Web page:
Healthy Living: The Mental Health Parity Law

Updated 6 months ago

The Mental Health Parity Law:
Making Mental Health and Substance Abuse Treatment more Affordable

Healthy Living – May 27, 2014
Dr. David Prescott – Eastern Maine Medical Center Behavioral Medicine

Most patients and healthcare providers now recognize that when it comes to our well-being, mental health is as important as physical health. Even though about 1 in 4 Americans have received counseling or some type of mental health treatment from a professional, most people are unaware of important laws concerning how health insurance plans must provide for mental health and substance abuse treatment.

The Mental Health Parity Law: In 1998, Congress enacted the Paul Wellstone and Pete Domenici Mental Health Parity and Addiction Equity Act, also known as “mental health parity.” This law requires health insurance plans cover mental health and substance abuse treatment with the same benefit as most other medical treatments and procedures. For example, insurance companies can no longer have a $40 copay for psychotherapy if the co-pay for most other medical services is $20. The law also mostly eliminates any type of cap on the number of mental health treatment visits allowed in a calendar year.

Making Mental Health Treatment More Affordable: All of the health insurance plans offered under the Affordable Care Act (also called “Obamacare”) are required to have parity for mental health treatment. Also, health insurance offered through large employers (50 or more employees) must have parity for mental health treatment.

If you are concerned about whether you or your family member can afford mental health or substance abuse treatment based on your health insurance, be sure to understand the following:

· Health Insurance Co-Pays: Co-Pays are the amount that patients usually pay out of pocket for each visit to a health professional, including a mental health professional.
· Number of covered sessions: For most health insurance plans, there is no limit on the number of counseling sessions you may attend, as long as the sessions meet the definition of medically necessary.
· Medications vs. psychotherapy: Most health insurance plans cover both psychotherapy and medications for mental health problems. Research suggests that for many mental health problems, both psychotherapy and medications are effective.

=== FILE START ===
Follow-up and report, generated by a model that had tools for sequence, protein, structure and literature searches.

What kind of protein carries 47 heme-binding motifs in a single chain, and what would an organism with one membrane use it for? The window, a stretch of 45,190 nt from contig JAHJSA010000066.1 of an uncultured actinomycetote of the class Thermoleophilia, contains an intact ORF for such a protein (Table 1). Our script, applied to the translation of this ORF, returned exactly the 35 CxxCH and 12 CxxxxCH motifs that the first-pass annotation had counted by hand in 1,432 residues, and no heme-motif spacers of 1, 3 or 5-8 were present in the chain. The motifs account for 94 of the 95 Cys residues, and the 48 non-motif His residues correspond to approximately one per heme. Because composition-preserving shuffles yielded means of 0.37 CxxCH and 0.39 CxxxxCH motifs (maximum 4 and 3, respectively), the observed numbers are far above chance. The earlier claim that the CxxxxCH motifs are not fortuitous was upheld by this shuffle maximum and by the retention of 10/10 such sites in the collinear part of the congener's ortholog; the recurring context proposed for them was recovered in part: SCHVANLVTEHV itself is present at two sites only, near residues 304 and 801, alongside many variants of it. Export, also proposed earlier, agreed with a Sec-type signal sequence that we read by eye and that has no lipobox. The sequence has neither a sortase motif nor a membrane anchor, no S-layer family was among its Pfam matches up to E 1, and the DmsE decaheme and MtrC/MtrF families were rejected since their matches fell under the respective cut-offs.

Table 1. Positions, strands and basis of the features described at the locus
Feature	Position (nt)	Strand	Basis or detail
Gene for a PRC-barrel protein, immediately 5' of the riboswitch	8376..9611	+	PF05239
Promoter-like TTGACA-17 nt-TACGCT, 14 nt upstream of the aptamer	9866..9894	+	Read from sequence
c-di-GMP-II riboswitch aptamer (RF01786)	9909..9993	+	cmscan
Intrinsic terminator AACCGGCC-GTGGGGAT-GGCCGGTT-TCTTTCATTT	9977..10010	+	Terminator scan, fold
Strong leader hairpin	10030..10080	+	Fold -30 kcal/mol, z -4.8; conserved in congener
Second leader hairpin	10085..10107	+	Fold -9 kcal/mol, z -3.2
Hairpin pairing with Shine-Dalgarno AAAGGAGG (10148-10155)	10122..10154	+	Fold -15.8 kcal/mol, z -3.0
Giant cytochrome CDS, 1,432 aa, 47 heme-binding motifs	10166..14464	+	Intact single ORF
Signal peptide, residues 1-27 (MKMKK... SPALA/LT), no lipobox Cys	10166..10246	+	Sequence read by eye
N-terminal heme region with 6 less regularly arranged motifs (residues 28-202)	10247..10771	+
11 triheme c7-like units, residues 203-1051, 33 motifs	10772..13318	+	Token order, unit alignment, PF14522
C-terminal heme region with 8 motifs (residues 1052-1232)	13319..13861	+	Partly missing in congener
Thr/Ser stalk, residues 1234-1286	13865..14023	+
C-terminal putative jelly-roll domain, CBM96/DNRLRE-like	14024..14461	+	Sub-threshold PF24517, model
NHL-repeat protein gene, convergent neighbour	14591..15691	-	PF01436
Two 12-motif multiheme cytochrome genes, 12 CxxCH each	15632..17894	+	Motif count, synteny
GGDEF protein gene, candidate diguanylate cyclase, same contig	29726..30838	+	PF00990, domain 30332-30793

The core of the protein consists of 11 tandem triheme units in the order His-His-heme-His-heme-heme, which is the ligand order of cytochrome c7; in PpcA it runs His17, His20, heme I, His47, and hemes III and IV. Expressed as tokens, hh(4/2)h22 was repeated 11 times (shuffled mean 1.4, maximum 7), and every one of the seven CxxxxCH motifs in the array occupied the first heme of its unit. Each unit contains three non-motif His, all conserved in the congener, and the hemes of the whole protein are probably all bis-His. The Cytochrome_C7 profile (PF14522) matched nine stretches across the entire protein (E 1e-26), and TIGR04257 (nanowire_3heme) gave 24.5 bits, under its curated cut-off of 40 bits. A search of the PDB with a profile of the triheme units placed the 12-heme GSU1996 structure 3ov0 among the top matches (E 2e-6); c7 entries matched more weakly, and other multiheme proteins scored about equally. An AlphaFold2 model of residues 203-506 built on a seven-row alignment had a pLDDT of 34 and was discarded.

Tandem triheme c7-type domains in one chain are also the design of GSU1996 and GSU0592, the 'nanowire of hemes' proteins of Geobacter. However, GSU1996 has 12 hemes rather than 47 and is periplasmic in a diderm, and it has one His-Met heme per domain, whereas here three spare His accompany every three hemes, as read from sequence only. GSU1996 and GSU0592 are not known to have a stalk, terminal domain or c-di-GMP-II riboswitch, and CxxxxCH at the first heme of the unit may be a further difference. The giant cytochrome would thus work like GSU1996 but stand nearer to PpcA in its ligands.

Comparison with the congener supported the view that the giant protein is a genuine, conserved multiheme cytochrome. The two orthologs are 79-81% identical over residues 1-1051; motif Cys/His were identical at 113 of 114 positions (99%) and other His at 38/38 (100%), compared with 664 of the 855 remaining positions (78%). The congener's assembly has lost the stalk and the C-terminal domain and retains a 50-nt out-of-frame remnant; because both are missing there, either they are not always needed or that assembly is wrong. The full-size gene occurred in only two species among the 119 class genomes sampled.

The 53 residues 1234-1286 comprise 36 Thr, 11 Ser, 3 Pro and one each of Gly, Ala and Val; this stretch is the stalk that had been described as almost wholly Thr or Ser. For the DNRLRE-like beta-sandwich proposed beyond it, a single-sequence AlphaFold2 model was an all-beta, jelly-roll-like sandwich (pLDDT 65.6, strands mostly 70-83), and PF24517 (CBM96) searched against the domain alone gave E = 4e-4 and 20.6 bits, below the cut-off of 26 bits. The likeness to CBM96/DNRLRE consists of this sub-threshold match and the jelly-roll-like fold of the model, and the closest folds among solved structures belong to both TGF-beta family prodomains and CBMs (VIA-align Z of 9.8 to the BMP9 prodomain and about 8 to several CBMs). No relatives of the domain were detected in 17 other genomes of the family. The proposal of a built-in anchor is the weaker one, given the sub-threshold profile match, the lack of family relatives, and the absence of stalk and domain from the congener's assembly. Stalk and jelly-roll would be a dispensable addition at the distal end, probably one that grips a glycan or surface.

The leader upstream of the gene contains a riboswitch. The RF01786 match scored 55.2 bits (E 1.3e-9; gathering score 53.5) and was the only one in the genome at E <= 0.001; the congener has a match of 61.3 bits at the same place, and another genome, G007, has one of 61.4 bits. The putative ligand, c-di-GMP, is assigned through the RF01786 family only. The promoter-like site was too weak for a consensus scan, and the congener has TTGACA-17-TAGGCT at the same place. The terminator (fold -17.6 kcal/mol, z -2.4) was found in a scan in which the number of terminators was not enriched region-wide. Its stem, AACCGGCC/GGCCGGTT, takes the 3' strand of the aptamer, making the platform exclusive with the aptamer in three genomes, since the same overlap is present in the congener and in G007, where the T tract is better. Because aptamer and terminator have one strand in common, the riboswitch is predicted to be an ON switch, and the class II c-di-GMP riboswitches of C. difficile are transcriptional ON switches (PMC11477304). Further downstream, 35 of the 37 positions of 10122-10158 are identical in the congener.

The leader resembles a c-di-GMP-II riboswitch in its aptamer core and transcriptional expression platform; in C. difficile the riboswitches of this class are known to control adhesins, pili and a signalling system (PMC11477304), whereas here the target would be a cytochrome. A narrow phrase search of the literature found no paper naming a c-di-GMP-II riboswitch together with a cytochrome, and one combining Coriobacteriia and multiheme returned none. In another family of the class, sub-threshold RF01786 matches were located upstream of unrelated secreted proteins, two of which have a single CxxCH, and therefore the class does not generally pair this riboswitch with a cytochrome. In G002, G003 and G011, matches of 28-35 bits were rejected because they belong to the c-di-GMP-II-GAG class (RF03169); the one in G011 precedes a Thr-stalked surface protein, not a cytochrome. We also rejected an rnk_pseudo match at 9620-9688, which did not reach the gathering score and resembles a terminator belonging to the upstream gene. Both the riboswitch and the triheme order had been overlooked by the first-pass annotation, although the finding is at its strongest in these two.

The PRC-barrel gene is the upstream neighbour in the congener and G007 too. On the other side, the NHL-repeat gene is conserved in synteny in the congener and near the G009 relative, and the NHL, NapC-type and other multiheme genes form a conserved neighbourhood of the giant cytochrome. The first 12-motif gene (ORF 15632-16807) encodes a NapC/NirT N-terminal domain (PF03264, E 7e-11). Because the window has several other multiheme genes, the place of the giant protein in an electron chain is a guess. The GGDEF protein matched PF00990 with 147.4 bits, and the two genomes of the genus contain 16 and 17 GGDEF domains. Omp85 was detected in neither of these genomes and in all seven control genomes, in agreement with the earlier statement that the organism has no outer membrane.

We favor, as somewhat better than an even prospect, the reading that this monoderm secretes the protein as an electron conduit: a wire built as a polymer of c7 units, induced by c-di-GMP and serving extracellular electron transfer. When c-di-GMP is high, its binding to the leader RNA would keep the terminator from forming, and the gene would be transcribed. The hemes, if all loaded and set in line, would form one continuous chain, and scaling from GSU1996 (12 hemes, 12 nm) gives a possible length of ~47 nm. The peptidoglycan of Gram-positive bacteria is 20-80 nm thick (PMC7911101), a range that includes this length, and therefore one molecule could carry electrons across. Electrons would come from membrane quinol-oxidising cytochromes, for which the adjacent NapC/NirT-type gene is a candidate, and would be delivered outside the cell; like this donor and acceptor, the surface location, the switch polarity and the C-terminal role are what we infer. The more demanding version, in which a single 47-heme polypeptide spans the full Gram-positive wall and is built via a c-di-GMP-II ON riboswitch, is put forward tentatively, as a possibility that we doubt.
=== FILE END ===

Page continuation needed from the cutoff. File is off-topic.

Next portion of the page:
How Do I find a Mental Health Professional? Estimates are that as many as three in five people with a mental health or substance abuse problem receive no treatment. Finding and choosing a mental health professional presents a challenge for many people. The following tips may help:

1. Choose a licensed professional: Psychologists, social workers, psychiatrists, and licensed professional counselors receive licenses from the state in which they work. The state ensures that these professionals have received appropriate academic and clinical training.
2. Health Insurance Provider Networks: Many health insurance plans have a list of mental health professionals in your area who accept a given health insurance plan. You can usually get the list by calling your health insurance representative.
3. Referral from a primary care provider: Most primary care physicians know of reputable mental health professionals in their area.
4. State provider organizations: Most mental health professionals have a state association that lists provides in that profession (e.g., psychology, social work) in a given geographic area.

For more information:

American Psychological Association: <https://www.apa.org/helpcenter/index.aspx> or
<https://www.apa.org/news/press/releases/2010/05/locate-a-therapist.aspx>

National Alliance for the Mentally Ill: <http://www.nami.org/Content/ContentGroups/Helpline1/Mental_Health_Professionals_Who_They_Are_and_How_to_Find_One.htm>

 

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